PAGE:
Of course not.
I was anticipating the event because,
at this moment, unity and community are what I can give, and what I most
need. I grew up on the ocean. I treasure it more than
anything. It's been my solace, my guru, my inspiration and my friend. I wanted to
face it in communion with others to express my apology, commitment and love.
I commented on Stefanie's blog, "Yes Stefanie... I absolutely plan to be there!!"
Right after my comment, another commenter wrote, "Waste of time..."
As a writer and activist, I'm used to being critiqued by those who don't agree and by those who question my actions. But where most comments have minor affect, this "Waste of time..." annoyed me. I thought a lot about it.
If the commenter meant our beach action wouldn't stop the oil from spilling, he was correct. If he meant by holding hands, we couldn't affect corporate greed and government ineptitude, he was correct. But as to being a "waste of time" - on that he was dead wrong.
What that commenter failed to understand is the value of communal
passion and shared expression. What that commenter failed to understand
is the need for unity and community during crisis - particularly this
crisis - that affects the one physical thing we ALL share and can't exist
We have but one planet. It should be the love of our lives, and we need to save it together - as one global family.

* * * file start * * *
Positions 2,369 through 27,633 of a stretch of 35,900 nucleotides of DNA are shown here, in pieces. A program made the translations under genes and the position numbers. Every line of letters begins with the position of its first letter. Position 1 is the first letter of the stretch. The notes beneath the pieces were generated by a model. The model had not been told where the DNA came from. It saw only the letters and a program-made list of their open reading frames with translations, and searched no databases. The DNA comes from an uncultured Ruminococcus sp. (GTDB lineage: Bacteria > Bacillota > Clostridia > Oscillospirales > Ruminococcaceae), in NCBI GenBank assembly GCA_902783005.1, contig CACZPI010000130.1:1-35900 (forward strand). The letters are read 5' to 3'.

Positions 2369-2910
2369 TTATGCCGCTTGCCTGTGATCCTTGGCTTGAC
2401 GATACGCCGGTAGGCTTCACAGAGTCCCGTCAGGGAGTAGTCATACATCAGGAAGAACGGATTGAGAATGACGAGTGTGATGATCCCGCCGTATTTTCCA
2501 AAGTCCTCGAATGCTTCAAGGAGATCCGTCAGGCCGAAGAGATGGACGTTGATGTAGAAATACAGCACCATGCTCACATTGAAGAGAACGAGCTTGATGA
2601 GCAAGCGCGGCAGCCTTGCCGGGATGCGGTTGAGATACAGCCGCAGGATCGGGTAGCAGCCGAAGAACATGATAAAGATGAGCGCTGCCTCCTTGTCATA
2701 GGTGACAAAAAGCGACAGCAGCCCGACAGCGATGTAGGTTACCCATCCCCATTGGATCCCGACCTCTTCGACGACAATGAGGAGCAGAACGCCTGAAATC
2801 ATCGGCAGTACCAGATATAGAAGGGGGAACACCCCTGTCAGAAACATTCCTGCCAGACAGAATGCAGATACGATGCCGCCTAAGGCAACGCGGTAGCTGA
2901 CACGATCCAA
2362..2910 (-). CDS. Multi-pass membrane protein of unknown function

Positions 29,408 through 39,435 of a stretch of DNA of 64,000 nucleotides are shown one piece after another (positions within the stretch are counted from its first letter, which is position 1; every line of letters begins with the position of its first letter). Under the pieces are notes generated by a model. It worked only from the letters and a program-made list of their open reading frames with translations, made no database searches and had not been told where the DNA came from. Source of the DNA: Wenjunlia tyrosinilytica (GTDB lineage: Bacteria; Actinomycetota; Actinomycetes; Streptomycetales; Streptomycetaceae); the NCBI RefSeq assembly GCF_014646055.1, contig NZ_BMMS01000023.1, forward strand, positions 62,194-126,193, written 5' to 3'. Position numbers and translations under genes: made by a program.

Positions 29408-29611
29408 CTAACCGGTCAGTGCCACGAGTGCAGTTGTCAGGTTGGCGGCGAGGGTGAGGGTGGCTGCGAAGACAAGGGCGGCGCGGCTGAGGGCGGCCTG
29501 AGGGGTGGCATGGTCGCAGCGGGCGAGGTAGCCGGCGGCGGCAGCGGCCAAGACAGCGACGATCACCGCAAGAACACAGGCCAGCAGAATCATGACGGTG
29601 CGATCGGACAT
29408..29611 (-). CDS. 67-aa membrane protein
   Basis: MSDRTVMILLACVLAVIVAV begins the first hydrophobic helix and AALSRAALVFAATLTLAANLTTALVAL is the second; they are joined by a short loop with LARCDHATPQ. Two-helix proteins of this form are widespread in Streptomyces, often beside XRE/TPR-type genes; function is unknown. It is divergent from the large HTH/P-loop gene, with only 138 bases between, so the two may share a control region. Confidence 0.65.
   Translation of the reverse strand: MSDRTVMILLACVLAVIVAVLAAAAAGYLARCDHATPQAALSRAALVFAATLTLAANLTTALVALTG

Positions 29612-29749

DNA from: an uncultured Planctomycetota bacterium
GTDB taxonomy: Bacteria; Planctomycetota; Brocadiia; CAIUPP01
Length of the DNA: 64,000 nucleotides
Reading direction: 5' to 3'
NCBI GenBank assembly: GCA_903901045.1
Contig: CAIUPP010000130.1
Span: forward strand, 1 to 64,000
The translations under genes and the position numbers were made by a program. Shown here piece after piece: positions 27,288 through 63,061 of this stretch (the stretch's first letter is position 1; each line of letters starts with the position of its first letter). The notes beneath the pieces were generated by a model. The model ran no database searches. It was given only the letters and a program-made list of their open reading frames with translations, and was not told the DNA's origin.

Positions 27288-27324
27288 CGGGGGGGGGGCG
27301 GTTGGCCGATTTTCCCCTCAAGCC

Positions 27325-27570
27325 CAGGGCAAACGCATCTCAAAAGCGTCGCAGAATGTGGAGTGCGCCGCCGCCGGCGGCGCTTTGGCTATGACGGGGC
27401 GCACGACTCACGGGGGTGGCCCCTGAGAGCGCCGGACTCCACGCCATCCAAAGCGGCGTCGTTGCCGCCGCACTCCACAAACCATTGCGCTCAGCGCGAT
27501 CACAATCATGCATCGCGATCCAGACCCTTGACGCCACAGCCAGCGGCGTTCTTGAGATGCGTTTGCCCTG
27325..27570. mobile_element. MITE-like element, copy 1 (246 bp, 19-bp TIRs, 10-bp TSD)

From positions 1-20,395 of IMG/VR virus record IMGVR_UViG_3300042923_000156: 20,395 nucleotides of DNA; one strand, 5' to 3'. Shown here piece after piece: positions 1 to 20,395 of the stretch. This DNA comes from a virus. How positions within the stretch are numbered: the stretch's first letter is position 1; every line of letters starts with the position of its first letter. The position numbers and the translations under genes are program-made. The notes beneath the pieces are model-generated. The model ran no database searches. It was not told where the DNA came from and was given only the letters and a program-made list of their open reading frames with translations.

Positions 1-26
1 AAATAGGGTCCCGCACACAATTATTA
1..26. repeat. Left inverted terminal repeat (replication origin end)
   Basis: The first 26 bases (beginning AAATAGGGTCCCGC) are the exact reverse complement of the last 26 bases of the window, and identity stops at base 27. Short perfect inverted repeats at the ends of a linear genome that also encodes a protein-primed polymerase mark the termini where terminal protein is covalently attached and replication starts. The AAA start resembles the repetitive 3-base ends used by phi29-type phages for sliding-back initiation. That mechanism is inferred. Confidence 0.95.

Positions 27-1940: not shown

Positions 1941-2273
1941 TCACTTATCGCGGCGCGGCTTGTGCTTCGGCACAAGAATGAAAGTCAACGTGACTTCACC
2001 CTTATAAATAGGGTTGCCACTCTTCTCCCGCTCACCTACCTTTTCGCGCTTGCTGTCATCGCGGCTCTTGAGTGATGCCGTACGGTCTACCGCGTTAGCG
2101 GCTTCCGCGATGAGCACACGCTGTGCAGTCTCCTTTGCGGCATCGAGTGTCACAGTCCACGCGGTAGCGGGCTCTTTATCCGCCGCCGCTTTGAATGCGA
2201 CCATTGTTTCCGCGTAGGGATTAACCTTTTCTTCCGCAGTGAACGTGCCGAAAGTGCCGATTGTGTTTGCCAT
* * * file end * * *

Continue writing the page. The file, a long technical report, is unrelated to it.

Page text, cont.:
There are ways we can learn.In February, 2009, I attended a screening of Fuel, winner of the 2008 Sundance Film Festival Audience Award for Best Documentary. It's directed and narrated by young filmmaker and environmentalist, Josh Tickell, who grew up in Louisiana. A year and a half ago, when I first saw Josh's movie, it affected me profoundly. I was particularly struck by its scenes describing the damage oil had already done to the Gulf. The historic depths of deep water drilling were addressed, and they were chilling. Oil was widely dispersed through the waters and being processed on the land. People and animals were sick and dying. The film was prophetic.
I have the Fuel DVD at home. After our Hands Across the Sand action, I watched
the film again and found it more informative than ever - on the gulf oil
region - and the effects of oil on our planet. Here's the trailer. If you want to learn more about oil, Fuel
is the film to see.
As to the comment that our Hands Across The Sand was a waste
of time, I believe it was quite the opposite. It was a success for
those who were there.
Did our actions stop the oil spill? Of course not.
Did we express our love for our planet as part of the global
community, creatively, and in unity?
Here are more photos. You be the judge:
From my perspective, this was no waste of time. We have
just ONE planet. We need to collectively honor it. And we
all must change to save it.